Whether the Muslim community can ever be fully accepted into American society is a question tacitly posed by Kevin Stevens in his engaging new novel A Lonely Note… With its focus on a young Muslim simultaneously alienated from and mesmerised by American life, Stevens’s novel has similarities with Terrorist, John Updike’s penultimate novel published in 2006. The comparison is facilitated by Stevens’s sharing with Updike a preoccupation with how the senses are continually quickened by the richness of the world: whether it’s the colour wheel of the seasons, the sound of jazz or a whip-poor-will, or even the guilty pleasure of a candy bar consumed during religious fasting. – Dublin Review of Books (link)

    The descriptions of teenage uncertainty, the violent swings between passion and indifference, really stand out because of how spot-on Stevens gets them… What Stevens excels in are the descriptions of Tariq’s adolescent disquietude. And how universal a feeling is that? Not only is this a teenage circumstance but one that anyone who has gone through a crisis in any stage of life is sure to recognise, relate to and appreciate reading about when it’s written this well. – Irish Independent well. – Irish Independent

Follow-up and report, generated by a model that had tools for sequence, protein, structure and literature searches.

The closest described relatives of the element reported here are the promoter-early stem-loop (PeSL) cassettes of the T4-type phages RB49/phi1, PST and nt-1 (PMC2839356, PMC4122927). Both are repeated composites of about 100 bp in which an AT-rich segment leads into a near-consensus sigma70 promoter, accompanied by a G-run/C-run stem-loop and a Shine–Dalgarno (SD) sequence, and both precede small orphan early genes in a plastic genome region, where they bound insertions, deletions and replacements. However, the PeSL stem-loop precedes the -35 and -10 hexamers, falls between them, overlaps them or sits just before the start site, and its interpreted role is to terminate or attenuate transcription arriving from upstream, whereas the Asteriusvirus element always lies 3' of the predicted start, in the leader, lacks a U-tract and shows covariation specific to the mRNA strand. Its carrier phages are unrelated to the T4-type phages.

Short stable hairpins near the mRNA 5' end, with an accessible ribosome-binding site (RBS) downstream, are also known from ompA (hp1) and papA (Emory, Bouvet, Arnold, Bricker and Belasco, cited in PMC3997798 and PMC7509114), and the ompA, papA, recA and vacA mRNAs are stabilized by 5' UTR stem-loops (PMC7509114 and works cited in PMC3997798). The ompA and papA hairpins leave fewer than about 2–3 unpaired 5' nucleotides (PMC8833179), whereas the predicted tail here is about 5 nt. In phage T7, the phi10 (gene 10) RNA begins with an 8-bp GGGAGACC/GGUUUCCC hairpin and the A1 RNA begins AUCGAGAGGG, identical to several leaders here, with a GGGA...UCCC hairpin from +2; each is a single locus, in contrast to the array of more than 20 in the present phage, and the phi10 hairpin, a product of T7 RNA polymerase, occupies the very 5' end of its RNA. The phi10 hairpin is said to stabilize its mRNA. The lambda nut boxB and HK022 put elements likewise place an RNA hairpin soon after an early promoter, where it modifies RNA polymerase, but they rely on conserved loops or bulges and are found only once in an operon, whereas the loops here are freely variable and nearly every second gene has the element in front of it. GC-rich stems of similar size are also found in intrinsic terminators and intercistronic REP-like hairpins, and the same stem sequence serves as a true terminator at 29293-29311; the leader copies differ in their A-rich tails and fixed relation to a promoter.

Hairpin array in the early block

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    Description

    'Coming out of the music store, squinting at these students in the sunlight, Tariq felt as if they lived a life of freedom he would never know.'

    Peace and violence, faith and mistrust, thriller and literary fiction – this is a supreme story of a young man caught between two worlds.

    Tariq is beset by danger on the streets and by conflict at home. Music is his only consolation. When he forms a new friendship with the volatile but intriguing record-store owner, Jamal, Tariq discovers the world of jazz and the man he could become.

    The violence that has long threatened finally erupts, and things suddenly clarify for Tariq. He takes the ultimate risk – not on behalf of his friend but on behalf of his enemy – and the disparate worlds of modern America and traditional Islam come together in an unexpected and gripping resolution.

    Praise

    PRAISE FOR A LONELY NOTE